This is a list by Kelvin Bernardi. "I’m just giving back what music did with my life by writing about it."
It’s hard to talk about The Beatles when everybody knows everything about them. But I will try. The Beatles are one my favourites bands of all time. I bet you’ve heard them before, even though you didn’t know it was they singing. But it’s time to know a bit more of their music, so I decided to list what I think is their best work and along with that, a bit more each record’s story.
The sixth group album and probably, my favourite one. Rubber Soul was released in December of 1965 and produced by George Martin, or what I like to call him “The Fifth Beatle”, but we’re going to talk more about this guy soon. This project was created right after The Beatles decided to abandon the “teenage” style of their previous records and start focusing in lyricism and then becoming more of an eclectic band. It’s incredible listen to Rubber Soul and realize how it changed the pop scenario of its time until nowadays.
Besides the poetic “Michelle” and “In My Life”, the first song I’ve ever head from them, we can also listen to their successful attempt in making something original out of what the studio could offer, such as “Norwegian Woods” and “Think For Yourself”. “Nowhere Man” and “Drive My Car” are great examples on beyond the lyricism, how fun this project is. I really wanted to be there by the time they were in the studio.
The next one in our list is also their next release after Rubber Soul. Revolver arrived in stores in August of 1966 and well, it’s another mark for music. This time for the psychedelia. The A side starts with classics such as the lonely and melancholic “Eleanor Rigby”, but it also shows us how George Harrison would become one of the most important members and composers inside the British group, working on “Taxman” and “Love You To”.
Now let’s talk about the B side. Well, together with psychedelia there’s a bit of, uh, LSD, right? There are still rumours saying “She Said, She Said” was written while in effects of LSD. Supposedly, John Lennon was talking about his second experience with the drug. While “Dr. Robert” it’s about a doctor who prescribes amphetamines for his clients and celebrities. And “Got to Get You in My Life” is about Paul’s experience with marijuana. And you thought it was about girls, huh? It’s funny to think that “Yellow Submarine” would later become an infantile cartoon.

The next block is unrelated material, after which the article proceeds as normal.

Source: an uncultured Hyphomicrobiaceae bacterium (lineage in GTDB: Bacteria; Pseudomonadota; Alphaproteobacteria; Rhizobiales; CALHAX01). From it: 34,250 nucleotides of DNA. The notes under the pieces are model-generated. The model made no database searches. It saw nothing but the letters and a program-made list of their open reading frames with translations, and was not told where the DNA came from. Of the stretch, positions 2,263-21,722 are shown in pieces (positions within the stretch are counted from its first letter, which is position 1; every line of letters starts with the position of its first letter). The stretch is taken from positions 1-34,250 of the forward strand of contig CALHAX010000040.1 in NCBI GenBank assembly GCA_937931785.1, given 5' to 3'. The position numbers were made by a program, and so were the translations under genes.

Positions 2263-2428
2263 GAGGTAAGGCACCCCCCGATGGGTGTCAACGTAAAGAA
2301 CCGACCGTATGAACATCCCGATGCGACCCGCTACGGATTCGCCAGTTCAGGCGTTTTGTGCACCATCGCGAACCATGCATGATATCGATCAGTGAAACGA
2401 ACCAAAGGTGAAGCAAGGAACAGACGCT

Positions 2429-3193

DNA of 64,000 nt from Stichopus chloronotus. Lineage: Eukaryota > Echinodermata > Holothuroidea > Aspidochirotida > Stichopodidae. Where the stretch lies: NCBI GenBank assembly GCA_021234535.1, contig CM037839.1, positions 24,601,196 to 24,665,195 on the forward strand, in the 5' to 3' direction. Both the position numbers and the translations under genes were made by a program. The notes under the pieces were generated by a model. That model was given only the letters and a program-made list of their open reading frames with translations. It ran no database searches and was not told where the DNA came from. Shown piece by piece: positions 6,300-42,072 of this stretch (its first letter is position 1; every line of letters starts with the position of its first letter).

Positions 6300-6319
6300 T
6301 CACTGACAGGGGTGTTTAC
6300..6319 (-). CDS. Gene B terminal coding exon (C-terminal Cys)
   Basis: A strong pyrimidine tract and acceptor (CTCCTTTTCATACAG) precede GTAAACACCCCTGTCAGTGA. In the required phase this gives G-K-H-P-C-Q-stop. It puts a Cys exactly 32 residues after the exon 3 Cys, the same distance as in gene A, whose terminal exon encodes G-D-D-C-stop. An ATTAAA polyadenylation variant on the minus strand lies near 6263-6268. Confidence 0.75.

I don’t think I can possibly describe what this album is. Released in 1967, Sgt. Pepper is their most original, creative and ambitious record. I wish I could talk and talk more about this one, but I’ll keep it direct and short. Beyond the iconic cover, this one marks a long bridge between the pop music and the true art. By the time the idea was created The Beatles were going through a rough patch. They were getting tired of live concerts and the fanaticism. They wanted more. And they got more. In a trip back to London, Paul had a song idea that later would become the idea of creating an “alter-ego” of theirs. The rest is history. Oh, and one of the influences for this piece is “Pet Sounds” by The Beach Boys.
Sgt Pepper has texture, lyricism, production value and drugs, it’s everything they could ask for in that time. And you can find all of that in names like “A Day in Life”, “Lucy In the Sky of Diamonds”, that Lennon firms saying it was his son’s drawing that gave him inspiration, “With a Little Help of My Friends”, and on and on. Once you start playing it a strange but unique feeling will pop up on your ears and this my friends, is The Beatles at their best.
One year later we have The White Album. It’s also the first album after the death of their manager, Brian Epstein. Most of the songs here were composed in India, while the members were in transcendental meditation status, what makes the songs even better. But different from the others records, The White Album was a step closer to their ending. John Lennon would now bring together Yoko Ono to the studio, something that would make their internal tension increase since it was something the members weren’t used to do. And well, each member would now record their songs in different studios, with different producers and engineers.
George Martin once said it was becoming impossible to work with all of them. When all of that comes together, we have in their most personal record. While Paul McCartney was playing and singing by himself in “Wild Honey Pie”, George Harrison was composing “While My Guitar Gently Weeps” with Ringo Starr and Eric Clapton for the guitar solos. It’s definitely interesting to listen to all of this during 30 tracks, but it’s also sad to know the end’s near.
Their last album recorded, but not the last album released. Arriving in stores in 1969, most of the people considered their best. And honestly, the reason is quite clear. Right after they recorded The White Album, Paul McCartney suggested to George Martin that all of them recorded something together as the “old times”. And all the members agreed, but Martin only agreed if he was treated like the “old times” and they behaved like the “old times”. And there we go.
Beyond the iconic cover, the vinyl came separated in two parts so it could please either John Lennon, on A-side with “Come Together” and “I Want You”, and McCartney, on side B with “Golden Slumbers” and “Carry That Weight”. As George Harrison said, “Abbey Road is a good rock and roll album”.
That’s it. I wish I could talk about more about The Beatles and all their records, but who knows, maybe one day.